City of Jackson puts buffer zones in place to silence pro-life protesters
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City of Jackson puts buffer zones in place to silence pro-life protesters

buffer zones

The city council of Jackson, Mississippi voted 3-1 to enact 15-foot “buffer zones” around all medical facilities, including abortion facilities, where police will also be required to enforce restrictions on noise, such as “shouting.”

Although the buffer zones are supposedly intended to apply to any health facility in the area, there is broad consensus that the law is actually aimed at pro-lifers protesting outside the Jackson Women’s Health Organization, the state’s only abortion facility. Supporters of the law claim it gives women “personal space,” but opponents point out that such buffer zones are an unconstitutional violation of free speech on a public sidewalk, and that it would hinder pro-lifers from peaceably praying with and for women entering the clinic.

The ordinance passed after a heated debate, where supporters — including Commissioner of Agriculture Andy Gibson, who posted about the ordinance’s passing — as well as opponents came out to voice their opinions about the intended ordinance.

In addition to the buffer zone and the noise restrictions, where noise is defined as “loud, boisterous or raucous shouting in any residential or quiet zone,” according to City Attorney Tim Howard, the ordinance also prevents protesters approaching within eight feet of a patient while the patient is within a 100-foot radius of the facility. Violations of the ordinance carry up to 90 days in jail and a $1,000 fine.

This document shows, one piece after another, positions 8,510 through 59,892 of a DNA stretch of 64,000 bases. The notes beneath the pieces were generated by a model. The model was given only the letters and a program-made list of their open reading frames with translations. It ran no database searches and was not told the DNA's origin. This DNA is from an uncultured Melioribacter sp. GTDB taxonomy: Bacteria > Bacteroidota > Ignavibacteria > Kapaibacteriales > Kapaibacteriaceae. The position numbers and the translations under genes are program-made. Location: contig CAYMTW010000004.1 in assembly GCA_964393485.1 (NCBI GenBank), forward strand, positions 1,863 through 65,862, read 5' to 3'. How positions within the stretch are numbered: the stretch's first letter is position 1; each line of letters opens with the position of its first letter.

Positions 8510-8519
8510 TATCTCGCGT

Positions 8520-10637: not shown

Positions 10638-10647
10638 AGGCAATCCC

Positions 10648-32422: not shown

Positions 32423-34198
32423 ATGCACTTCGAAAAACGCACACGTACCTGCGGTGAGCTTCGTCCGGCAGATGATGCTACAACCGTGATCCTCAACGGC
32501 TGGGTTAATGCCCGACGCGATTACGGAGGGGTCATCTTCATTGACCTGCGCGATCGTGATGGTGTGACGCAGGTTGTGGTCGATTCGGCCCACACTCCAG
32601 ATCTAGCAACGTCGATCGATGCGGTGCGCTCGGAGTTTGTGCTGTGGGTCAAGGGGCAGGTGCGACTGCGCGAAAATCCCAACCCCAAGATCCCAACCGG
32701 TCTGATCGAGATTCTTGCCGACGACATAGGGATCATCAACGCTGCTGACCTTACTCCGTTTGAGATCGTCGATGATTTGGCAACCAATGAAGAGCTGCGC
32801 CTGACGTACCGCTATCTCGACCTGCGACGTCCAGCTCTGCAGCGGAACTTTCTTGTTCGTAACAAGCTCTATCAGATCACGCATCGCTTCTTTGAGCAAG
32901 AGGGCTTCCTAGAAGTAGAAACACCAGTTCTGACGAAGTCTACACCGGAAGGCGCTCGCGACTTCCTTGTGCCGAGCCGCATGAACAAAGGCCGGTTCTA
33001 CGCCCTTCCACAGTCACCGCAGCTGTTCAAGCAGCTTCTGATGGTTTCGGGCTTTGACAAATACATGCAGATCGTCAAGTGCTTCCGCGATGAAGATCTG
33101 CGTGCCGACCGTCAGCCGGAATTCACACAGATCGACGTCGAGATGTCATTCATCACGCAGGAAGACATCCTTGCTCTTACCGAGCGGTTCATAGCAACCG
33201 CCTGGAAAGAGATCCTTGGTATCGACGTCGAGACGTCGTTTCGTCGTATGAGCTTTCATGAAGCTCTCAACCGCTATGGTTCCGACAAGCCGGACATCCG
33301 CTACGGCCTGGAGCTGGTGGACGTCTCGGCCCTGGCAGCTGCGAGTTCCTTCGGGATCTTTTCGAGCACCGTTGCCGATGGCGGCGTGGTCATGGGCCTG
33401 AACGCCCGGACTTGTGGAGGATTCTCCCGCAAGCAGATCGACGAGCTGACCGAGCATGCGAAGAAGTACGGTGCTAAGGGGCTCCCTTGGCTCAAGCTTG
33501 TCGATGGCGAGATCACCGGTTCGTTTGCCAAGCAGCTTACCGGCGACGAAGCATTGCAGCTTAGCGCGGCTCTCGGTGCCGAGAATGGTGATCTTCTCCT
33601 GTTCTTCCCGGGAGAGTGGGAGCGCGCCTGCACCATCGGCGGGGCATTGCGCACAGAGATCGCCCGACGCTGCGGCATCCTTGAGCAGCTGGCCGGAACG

The Mississippi Center for Public Policy pointed out that while the noise regulation is aimed at pro-life protesters, “the noise is often escalated by the abortion center who will turn up music while sidewalk participants attempt to speak with those around the abortion center and that the regulation curtails their free speech rights.”

READ: Judge ignores Court of Appeals, keeps unconstitutional abortion ‘buffer zone’

“The free speech rights of those trying to sell abortions remain in effect,” SFLA President Kristan Hawkins said, according to WLBT. “Crushing the free speech rights of those who care about both mother and preborn child is clearly unconstitutional, and frankly unfair, as abortion supporters are allowed to push their deadly agenda.”

This is not the first time the city has tried to interfere with pro-life protesters. As Live Action News has previously reported, in 2014, the state of Mississippi agreed to stop interfering with the rights of pro-lifers to protest. That decree expired after one year.

A 2014 Supreme Court case, McCullen v. Coakley, unanimously ruled the practice of “buffer zones,” around abortion facilities or elsewhere, is unconstitutional.

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